Forecast: More platforms to board sports streaming bandwagon
December 14, 2023
As 2023 draws to a close, Brad Altfest, Managing Director of Media and Entertainment at Agora, provider of real-time engagement solutions, has shared his industry predictions for the coming year.
Below Altfest shares his thoughts on what’s next for streaming:
- The growing importance of Ultra Low Latency (ULL) streaming in sports for the purposes of synchronisation
For a sports fan heavily invested in an exciting game, there is nothing more frustrating than hearing a celebration from a fellow fan watching next door, whose feed is more up-to-date than yours. This ruinous experience often happens in high-density areas where streams are subject to higher latency, but it’s also detrimental in an age of high fan interactivity, where viewers cannot take full advantage of live features if their streams are behind. In 2024, streaming platforms will begin to double down on ultra low latency, ensuring all streams are fully synced for the ultimate fan experience.
- Adding more user interactivity to the ‘lean back’ visual experience
In 2023, we learned that even for passive live event fans, there are opportunities to incorporate interactivity, especially via real-time technology. The NFL’s recent collaboration with Disney, Pixar, and ESPN presented an alternate Toy Story-themed broadcast of the Jaguars vs Falcons game. Building on previous partnerships with Nickelodeon featuring interactive visual overlays, this introduced an engaging element for younger viewers without disrupting the lean-back viewer experience. This was accomplished by placing chips in players’ helmets relayed real-time positioning and movements, demonstrating an innovative way to entertain and retain fans. Imagine being able to watch games with specialised avatars on different screens, as viewers customise how they can watch events. That is the future we expect to see real-time technology unlock going forward.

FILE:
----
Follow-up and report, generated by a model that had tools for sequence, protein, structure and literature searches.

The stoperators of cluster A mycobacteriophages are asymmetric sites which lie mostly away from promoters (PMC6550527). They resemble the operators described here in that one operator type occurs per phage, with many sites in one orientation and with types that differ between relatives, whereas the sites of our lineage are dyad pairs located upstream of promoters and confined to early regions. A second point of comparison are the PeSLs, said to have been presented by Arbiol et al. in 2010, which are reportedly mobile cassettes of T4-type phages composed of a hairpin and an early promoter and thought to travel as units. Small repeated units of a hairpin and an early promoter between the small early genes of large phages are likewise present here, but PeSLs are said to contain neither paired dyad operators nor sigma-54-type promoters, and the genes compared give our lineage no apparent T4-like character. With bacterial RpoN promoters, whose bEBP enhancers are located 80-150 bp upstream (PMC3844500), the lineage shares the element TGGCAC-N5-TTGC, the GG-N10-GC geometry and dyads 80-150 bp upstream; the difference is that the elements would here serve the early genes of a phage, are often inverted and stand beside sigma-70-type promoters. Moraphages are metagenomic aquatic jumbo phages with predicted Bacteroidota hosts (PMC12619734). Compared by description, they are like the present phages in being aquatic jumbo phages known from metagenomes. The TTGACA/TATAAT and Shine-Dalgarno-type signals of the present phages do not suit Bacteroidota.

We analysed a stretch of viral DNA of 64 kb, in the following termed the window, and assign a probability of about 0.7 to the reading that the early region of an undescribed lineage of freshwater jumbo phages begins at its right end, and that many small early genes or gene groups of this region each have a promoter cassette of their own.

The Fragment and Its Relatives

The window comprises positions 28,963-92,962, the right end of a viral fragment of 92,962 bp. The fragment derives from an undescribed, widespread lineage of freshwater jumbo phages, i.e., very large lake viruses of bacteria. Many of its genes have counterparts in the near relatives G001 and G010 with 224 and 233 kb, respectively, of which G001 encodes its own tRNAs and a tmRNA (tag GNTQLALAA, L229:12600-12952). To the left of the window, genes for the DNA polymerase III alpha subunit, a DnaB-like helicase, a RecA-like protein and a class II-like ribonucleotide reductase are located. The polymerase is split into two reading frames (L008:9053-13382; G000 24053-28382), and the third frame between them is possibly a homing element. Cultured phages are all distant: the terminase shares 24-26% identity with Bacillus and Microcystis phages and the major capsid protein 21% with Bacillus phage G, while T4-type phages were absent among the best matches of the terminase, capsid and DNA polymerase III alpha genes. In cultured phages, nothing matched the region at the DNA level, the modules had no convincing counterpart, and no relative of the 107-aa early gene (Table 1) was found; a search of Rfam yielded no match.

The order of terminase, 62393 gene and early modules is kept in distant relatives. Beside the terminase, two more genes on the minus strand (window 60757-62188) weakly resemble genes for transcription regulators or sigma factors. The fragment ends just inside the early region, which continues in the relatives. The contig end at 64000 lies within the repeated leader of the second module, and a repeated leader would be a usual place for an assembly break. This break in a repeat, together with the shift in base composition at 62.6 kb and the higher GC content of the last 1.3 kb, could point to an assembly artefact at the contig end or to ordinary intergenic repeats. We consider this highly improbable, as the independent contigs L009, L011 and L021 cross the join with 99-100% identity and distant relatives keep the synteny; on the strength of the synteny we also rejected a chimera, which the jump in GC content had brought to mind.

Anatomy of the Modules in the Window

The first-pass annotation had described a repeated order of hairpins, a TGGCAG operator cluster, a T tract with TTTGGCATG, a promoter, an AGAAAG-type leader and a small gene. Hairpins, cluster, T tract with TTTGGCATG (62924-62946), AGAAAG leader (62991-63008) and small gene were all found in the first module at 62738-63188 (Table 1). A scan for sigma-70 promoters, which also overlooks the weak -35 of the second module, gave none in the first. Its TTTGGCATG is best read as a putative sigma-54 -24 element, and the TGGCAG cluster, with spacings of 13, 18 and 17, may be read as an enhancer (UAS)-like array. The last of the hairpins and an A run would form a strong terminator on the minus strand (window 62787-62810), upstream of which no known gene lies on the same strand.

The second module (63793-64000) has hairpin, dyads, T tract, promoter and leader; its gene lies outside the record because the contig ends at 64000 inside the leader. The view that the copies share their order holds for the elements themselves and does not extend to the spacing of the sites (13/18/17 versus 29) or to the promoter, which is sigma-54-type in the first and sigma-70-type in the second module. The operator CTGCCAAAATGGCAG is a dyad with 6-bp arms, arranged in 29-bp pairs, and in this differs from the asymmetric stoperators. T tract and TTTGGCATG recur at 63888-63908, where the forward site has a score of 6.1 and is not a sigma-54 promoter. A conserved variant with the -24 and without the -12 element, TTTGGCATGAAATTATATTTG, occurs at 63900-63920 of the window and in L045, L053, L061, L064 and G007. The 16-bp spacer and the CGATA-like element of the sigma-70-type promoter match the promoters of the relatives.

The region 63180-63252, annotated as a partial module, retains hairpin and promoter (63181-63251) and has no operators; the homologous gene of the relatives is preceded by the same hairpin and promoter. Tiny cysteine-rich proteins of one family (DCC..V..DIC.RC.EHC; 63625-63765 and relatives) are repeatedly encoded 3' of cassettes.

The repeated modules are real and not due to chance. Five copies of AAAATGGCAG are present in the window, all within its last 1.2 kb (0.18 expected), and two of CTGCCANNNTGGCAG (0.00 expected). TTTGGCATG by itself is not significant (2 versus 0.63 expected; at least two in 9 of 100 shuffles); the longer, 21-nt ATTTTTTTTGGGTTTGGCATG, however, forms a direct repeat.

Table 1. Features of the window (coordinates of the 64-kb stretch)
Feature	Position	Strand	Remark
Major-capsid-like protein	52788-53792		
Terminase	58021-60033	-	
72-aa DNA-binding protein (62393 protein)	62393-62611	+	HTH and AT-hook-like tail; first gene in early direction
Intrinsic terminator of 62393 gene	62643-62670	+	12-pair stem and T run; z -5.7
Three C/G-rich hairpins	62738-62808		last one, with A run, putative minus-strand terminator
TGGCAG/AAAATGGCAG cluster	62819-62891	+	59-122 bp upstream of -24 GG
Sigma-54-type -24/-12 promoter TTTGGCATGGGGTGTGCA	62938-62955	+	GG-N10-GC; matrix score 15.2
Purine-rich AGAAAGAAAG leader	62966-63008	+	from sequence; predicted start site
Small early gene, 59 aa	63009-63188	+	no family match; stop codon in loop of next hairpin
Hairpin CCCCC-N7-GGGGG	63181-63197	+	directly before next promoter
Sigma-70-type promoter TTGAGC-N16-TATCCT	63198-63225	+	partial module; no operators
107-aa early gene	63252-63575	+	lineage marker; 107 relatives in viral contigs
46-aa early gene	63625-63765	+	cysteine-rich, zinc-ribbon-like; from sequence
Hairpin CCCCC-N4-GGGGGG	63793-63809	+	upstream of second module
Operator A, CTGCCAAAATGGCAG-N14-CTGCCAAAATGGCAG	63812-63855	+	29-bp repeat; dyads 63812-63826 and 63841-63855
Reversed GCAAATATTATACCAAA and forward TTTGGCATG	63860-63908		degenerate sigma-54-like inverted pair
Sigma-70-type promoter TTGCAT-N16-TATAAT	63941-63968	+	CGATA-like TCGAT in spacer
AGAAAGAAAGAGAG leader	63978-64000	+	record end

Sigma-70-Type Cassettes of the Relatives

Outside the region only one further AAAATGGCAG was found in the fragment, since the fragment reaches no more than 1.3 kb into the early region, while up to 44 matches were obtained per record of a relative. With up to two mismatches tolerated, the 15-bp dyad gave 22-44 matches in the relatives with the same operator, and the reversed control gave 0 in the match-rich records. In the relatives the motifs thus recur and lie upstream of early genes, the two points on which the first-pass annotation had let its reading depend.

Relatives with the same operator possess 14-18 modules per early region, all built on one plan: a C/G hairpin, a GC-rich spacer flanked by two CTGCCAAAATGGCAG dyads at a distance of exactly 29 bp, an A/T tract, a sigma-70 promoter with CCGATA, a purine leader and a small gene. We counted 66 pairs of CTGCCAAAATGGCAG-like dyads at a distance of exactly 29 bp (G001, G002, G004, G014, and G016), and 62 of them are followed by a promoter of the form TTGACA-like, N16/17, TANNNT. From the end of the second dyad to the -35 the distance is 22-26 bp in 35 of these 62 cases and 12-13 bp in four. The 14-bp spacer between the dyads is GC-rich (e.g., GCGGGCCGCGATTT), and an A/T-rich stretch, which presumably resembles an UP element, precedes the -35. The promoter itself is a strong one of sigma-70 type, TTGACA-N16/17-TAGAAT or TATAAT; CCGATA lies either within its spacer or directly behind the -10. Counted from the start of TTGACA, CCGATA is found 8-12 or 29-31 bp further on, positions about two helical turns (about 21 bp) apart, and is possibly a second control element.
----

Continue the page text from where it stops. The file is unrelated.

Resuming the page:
- More platforms get onboard the sports streaming bandwagon
In the past several years we’ve seen a shift in how sporting events are streamed, thanks to major players getting the rights to stream games from multiple leagues – Apple is the exclusive streaming service for the MLS and airs Friday night MLB games, Prime Video now airs Thursday Night Football games, and YouTube TV is the exclusive home of NFL Sunday Ticket. The market is there for other players to join, and it will be interesting to see if any take the big leap. One league to watch in 2024 is the NBA – its current media rights deal with ESPN and TNT expires in 2025, opening the door for other streamers to own a greater share of the market.